• The US Army’s Special Forces are experts in guerilla warfare, counterterrorism, international combat, and reconnaissance.
|Operational Mode:||• Rangers move forward in platoons in operational mode.|
• Special Forces deploy in smaller units with each unit having 12 commandos.
|Motto:||• “Rangers lead the way” is the motto of the rangers.|
• The mission statement of Special Forces is “to free the downtrodden.”
|Contribution:||• Rangers have made a significant contribution to several wars, including the American Revolutionary War, the Persian Gulf War, the Iraq War, the Kosovo War, etc.|
• Special Forces have fought in numerous conflicts, including the Cold War, the Vietnam War, the Somalian War, the Kosovo War, etc.
|Garrison or Head Quarters:||• Rangers have three garrisons or headquarters, located at Fort Benning, Georgia, Hunter Army Airfield, Georgia, and Fort Lewis, Washington.|
• Fort Bragg, North Carolina serves as the Green Beret headquarters.
The Role Of Army Rangers
An exceptional light infantry unit is the Army Rangers.
They are a sizable force that frequently participates in airborne assaults, joint special operations raids, reconnaissance flights, and searches and rescue operations.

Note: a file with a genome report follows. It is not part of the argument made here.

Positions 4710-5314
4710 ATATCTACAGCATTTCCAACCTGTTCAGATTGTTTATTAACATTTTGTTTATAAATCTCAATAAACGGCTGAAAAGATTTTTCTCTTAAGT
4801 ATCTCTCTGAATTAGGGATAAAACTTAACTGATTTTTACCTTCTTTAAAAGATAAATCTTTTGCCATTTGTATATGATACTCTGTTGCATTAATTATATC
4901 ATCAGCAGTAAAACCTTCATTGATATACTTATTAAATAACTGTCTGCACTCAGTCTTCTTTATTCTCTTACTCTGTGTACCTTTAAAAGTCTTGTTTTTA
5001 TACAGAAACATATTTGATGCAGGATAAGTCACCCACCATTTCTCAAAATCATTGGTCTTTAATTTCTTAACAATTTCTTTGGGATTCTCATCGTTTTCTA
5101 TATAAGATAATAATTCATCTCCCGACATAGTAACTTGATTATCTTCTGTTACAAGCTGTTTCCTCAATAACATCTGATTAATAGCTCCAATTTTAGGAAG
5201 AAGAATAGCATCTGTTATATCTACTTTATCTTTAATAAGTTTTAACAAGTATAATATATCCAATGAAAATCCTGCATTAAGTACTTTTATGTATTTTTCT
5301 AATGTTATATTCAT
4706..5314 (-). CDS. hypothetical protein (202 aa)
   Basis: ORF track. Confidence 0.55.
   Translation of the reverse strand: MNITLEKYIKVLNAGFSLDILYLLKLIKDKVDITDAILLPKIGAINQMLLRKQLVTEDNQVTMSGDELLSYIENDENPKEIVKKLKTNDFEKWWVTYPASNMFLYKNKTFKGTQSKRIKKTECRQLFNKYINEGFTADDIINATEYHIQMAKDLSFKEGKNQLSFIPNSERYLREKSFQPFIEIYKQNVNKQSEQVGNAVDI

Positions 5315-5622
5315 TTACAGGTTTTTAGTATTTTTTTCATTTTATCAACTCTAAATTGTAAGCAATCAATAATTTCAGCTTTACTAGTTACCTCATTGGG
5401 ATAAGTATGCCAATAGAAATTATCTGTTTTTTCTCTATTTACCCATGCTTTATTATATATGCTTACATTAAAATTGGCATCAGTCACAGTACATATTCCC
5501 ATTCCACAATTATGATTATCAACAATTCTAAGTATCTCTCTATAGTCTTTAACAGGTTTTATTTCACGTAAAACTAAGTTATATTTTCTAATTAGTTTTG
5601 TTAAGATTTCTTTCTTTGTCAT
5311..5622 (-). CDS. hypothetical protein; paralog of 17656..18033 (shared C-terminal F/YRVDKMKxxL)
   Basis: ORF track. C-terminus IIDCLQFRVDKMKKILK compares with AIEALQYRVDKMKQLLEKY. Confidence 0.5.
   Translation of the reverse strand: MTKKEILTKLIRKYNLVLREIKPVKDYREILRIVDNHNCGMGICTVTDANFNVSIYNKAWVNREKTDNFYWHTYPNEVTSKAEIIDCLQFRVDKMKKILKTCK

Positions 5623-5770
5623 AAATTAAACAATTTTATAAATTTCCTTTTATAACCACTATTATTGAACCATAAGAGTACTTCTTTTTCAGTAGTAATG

Imagine them as a more compact, well-trained, and flexible version of an Army company that is sent to handle particular crises.
Need to take over an airstrip quickly? Contact the Army Rangers.
Taking control of and destroying a communications array is required by the US government? Contact the Army Rangers.
Have a power plant that must be protected and located in enemy territory? Contact the Army Rangers.
What Do Green Berets Perform?
Unconventional warfare is taught (and practiced) by Green Berets.
Unconventional warfare, counterinsurgency, special reconnaissance, direct action missions, and foreign internal defense are the five main missions that Green Berets specialize in.
This can entail everything from providing assistance, instruction, and equipment to foreign fighting forces to carrying out reconnaissance operations far beyond enemy lines.
Need a military force with expertise in counter-drug operations? Summon the Green Berets.
Teaching the natives of a third-world nation how to fight? Summon the Green Berets.
Need to maintain order in a hotspot around the world? Summon the Green Berets.
Historical Battles Between Army Rangers And Green Berets
The Green Berets are believed to have drawn inspiration from unconventional warfare forces like the Alamo scouts and Philippine rebels when they were created in June 1952 by Colonel Aaron Bank. Since its founding in 1952, the Green Berets have participated in almost every significant conflict in which the United States has been engaged.